- Foreign Supplier Verification. Under this rule, importers are responsible for ensuring that all of their foreign suppliers are FSMA-compliant.
AIB International helps manufacturers get up to speed, Lopez says, by performing GAP assessments, performing simulated FDA preventive controls investigations and visiting foreign suppliers to gauge their FSMA readiness.
Looking ahead, Lopez said, there is one key FSMA rule that won’t take effect until 2020. The Mitigation Strategies to Protect Against Intentional Adulteration rule addresses food defense and food fraud concerns. “While the final rule has been published, additional guidance is anticipated and will help manufacturers better understand the expectations of the FDA,” Lopez says. “In the meantime, engaged facilities are keeping their food defense and food fraud prevention programs current through training and audits.”
IDDBA has had an FSMA resource page on its website for two years, Richard says, but most members are looking for information on how the law works, not necessarily how to comply with it. Those contacting the association, he says, aren’t typically food safety or quality assurance specialists seeking technical advice. That’s because many IDDBA members won’t be directly impacted by FSMA. But those operators who are heavily involved in import/export — as many in the specialty food world are, Richard points out — or logistics and other related industries will have to get up to speed.
With that in mind, IDDBA hosted its first-ever live webinar on FSMA in January. “The QA and food safety world will certainly be working closely with instore,” Richard says. “It’s such a big change from the way things were, and there are a lot of details when you’re putting together compliance and operations processes that have been years in the making.”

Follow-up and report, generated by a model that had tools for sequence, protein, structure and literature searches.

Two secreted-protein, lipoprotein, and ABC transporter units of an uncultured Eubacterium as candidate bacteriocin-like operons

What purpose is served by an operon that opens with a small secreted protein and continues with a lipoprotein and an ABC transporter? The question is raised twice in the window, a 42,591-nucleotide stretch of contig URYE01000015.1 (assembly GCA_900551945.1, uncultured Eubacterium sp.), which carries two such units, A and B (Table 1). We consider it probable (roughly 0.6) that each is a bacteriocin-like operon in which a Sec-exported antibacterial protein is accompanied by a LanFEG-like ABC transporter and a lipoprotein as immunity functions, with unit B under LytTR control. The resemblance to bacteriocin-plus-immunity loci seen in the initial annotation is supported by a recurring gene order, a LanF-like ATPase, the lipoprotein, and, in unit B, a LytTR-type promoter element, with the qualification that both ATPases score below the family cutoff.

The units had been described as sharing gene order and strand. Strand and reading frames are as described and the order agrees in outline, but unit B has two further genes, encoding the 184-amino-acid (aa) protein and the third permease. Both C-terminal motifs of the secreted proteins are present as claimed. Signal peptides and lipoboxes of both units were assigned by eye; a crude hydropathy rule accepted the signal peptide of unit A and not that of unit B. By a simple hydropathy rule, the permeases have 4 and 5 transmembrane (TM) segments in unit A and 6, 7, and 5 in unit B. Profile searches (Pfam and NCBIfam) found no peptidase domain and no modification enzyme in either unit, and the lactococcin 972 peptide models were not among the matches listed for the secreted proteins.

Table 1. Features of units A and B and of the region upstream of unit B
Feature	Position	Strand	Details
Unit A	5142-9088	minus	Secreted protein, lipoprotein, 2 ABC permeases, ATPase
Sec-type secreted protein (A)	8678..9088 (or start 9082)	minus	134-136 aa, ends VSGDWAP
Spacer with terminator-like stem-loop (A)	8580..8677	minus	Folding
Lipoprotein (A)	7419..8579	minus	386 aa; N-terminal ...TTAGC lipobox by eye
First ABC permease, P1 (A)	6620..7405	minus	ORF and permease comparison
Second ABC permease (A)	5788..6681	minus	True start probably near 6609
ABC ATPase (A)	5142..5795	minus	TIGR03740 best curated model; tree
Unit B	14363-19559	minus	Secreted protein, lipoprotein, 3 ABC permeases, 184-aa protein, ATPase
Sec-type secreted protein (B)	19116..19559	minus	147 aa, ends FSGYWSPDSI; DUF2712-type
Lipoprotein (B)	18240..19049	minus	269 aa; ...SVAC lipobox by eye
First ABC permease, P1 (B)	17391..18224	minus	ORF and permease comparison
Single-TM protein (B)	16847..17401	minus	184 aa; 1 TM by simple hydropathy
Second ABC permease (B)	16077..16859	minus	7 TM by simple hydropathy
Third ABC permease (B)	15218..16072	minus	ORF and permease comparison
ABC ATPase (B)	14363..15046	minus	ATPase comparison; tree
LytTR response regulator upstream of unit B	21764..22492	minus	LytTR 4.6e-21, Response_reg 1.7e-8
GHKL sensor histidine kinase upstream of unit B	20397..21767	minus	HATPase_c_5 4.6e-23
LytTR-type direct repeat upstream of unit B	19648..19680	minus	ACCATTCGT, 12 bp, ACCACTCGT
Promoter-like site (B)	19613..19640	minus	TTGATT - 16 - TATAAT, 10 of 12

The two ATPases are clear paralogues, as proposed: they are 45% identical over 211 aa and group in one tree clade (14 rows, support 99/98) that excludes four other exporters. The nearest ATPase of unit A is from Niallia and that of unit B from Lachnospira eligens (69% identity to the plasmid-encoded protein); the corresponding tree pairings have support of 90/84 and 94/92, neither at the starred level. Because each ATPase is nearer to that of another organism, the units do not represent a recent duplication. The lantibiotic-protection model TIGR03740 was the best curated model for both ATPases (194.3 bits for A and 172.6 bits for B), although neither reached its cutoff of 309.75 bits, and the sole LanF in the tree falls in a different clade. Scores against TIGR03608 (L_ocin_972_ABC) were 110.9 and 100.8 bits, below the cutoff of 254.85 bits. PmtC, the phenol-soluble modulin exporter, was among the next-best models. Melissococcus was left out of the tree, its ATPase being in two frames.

Other front-burner issues loom
Nutrition facts labeling and FSMA aren’t the only pieces of existing or pending legislation on the minds of retailers and their instore bakery and deli suppliers, says Rasma Zvaners, vice president of regulatory and technical services for the Washington, D.C.-based American Bakers Association. She cites two other items that have been identified by members of the ABA’s Food Technical Regulatory Affairs committee:
- The FDA Food Code. The code is a model that assists food control jurisdictions at all levels of government by providing them with a scientifically sound technical and legal basis for regulating both retail and foodservice channels. Many individual states, however, are considering adopting their own food codes, which might not follow the latest FDA version.
- California’s Proposition 65, the 1986 Safe Drinking Water and Toxic Enforcement Act. While Prop 65 isn’t new, lately it’s been “top of mind for many in the food industry,” including bakers and retailers, Zvaners says. That’s because in recent years more public interest groups have sought legal action against food companies because of consumer exposure to chemicals. In 2017, for instance, there has been an increase in the number of notices with intent to sue filed over acrylamide levels in cookies, crackers and bread.
Through the work of the committee, Zvaners says, the ABA helps members address concerns dealing with both food safety regulations and nutrition issues. “The committee meets three times a year and has a robust agenda addressing today’s industry challenges.”
One issue that won’t likely need much if any attention, Zvaners says, is possible effects on the baking industry from the Trump Administration’s promises to roll back some regulations on businesses in various fields. “It is not anticipated that the Trump Administration will ease the food safety regulations that recently went into effect for the baking industry,” she says. “However, FDA is currently seeking public input to streamline outdated regulatory burdens.”